The reason for publishing this briefing was that ESMA noticed that the different member states gave a different interpretation of supervision of the appropriateness test. ESMA hopes that this briefing will ensure that the different regulators will assess the MiFID II obligations in the same way.

The briefing covers questions like:

  • Is it determined correctly whether the appropriateness test is required?
  • Is the correct information obtained from clients?
  • Is the appropriateness test conducted correctly?
  • Are clients given the correct warnings?
  • Do the staff have professional expertise?
  • Are the records kept correctly?

ESMA explains for each topic what should be done and how. We advise you to read the briefing and assess whether your test complies with the briefing’s content. Again we would like to add: the briefing is directed at AFM, but AFM uses the briefing to supervise your company.

The future

Let’s now continue with Part 2: the future. What will it bring? ESMA has recently started an investigation into the different appropriateness tests in the member states. AFM will cooperate in this investigation, and in turn will ask different investment companies under supervision to take part in it. On the basis of the results, ESMA will assess whether additional guidelines for the appropriateness test are required in order to improve uniformity in the European Union. So this story is to be continued.

Behind the scenes at AFM

Now that we have given you an update about the latest developments surrounding the suitability and appropriateness tests, we have arrived at the third and final subject: a look behind the scenes at AFM.

Earlier this year, AFM made it clear in a press release that the transition of the MiFID II standards to practice is inadequate throughout the market with regard to a number of points. AFM is therefore calling on parties to implement improvements.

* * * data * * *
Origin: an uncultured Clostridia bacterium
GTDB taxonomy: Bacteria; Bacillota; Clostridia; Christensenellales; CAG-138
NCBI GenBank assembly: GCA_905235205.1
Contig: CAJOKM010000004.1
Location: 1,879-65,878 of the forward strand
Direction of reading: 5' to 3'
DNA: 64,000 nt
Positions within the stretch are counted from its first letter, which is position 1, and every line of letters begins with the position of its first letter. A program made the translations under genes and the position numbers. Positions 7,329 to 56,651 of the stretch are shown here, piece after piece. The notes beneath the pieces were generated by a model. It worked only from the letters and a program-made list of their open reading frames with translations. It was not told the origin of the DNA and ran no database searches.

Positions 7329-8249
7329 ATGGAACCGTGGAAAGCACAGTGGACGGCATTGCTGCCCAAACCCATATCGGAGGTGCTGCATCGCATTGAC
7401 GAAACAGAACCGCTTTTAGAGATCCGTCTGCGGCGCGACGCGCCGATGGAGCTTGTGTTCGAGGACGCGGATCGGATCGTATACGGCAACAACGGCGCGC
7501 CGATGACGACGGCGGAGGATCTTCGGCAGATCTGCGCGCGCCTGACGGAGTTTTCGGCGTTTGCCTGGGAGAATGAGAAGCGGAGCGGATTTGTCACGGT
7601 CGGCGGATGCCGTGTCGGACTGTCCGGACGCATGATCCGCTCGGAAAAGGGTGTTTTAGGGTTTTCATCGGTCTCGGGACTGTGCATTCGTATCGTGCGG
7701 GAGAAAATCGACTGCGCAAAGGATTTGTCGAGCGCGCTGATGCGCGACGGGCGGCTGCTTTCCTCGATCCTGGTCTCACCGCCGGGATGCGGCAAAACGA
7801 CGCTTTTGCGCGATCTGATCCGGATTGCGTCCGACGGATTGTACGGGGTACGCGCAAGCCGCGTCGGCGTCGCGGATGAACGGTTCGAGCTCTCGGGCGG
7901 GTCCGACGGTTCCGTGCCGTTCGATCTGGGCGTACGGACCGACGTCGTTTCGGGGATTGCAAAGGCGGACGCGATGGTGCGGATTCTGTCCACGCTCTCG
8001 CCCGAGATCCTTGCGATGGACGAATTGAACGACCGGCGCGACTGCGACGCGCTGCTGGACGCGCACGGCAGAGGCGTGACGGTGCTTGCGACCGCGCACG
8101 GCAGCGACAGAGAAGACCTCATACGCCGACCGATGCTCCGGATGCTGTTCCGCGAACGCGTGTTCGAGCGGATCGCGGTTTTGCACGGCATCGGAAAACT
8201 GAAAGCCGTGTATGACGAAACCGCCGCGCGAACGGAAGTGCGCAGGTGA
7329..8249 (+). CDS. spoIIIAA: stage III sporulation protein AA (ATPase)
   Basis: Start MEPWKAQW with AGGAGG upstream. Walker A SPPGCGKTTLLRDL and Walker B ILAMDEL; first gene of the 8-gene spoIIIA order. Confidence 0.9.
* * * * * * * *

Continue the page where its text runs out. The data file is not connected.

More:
Exactly what standards are concerned? According to AFM, companies have not yet sufficiently implemented the rules about cost transparency, product governance, transaction reports and professional expertise.

Let’s have a closer look at cost transparency first. MiFID II has completely changed the landscape of rules about cost transparency. Since 3 January 2018, every single detail of the costs has to be made transparent to your existing or potential client, both before the investment service is provided and afterwards.

AFM has indicated that investment companies are currently not yet sufficiently transparent about the costs they charge. Moreover, the costs mentioned in MiFID II have to be specified in both absolute amounts and in percentages. This is not yet happening in practice. The costs must also be tailored to the client’s individual situation, and the effect of the costs on the return must be shown. This is the only way in which an existing or potential client can compare the fees of different service providers.

This takes us to product governance. This is a new topic introduced by MiFID II. Both the developers and the distributors of a financial instrument must have product governance procedures.

What does this mean? In brief, you must define a target group and a distribution strategy for all the financial instruments you produce or sell, and ensure that the product is sold to the right target group. The products must be analysed again in detail each year. According to AFM, parties do not define the target group and the distribution strategy sharply enough, at least where execution-only services and more complex products are involved. As a result, clients risk being offered products that are not at all suitable for them. As we said earlier, we will devote a separate article to product governance.

Reporting on completed transactions already existed under MiFID I, so it’s not new. What is new is that a lot more information has to be send to the regulator. More than 60 fields have to be completed and reported. AFM is of the opinion that neither the completeness nor the quality of the reported data is good enough. So this is something the parties will have to work on.

The last topic highlighted by AFM is the professional expertise of staff. When MiFID II entered into force, no accredited exams, which could demonstrate professional expertise, where available yet. These exams are now available, which means you are now able to demonstrate the professional expertise of your staff. AFM states that investment companies must ensure that their staff have the correct qualifications.

This has brought us to the end of this MiFID II article. But would you like to find out more about this subject in the meantime, for example about the consequences of MiFID II for your company? Or about the rules that are still to come? Please feel free to contact us. Our experts will be happy to help you.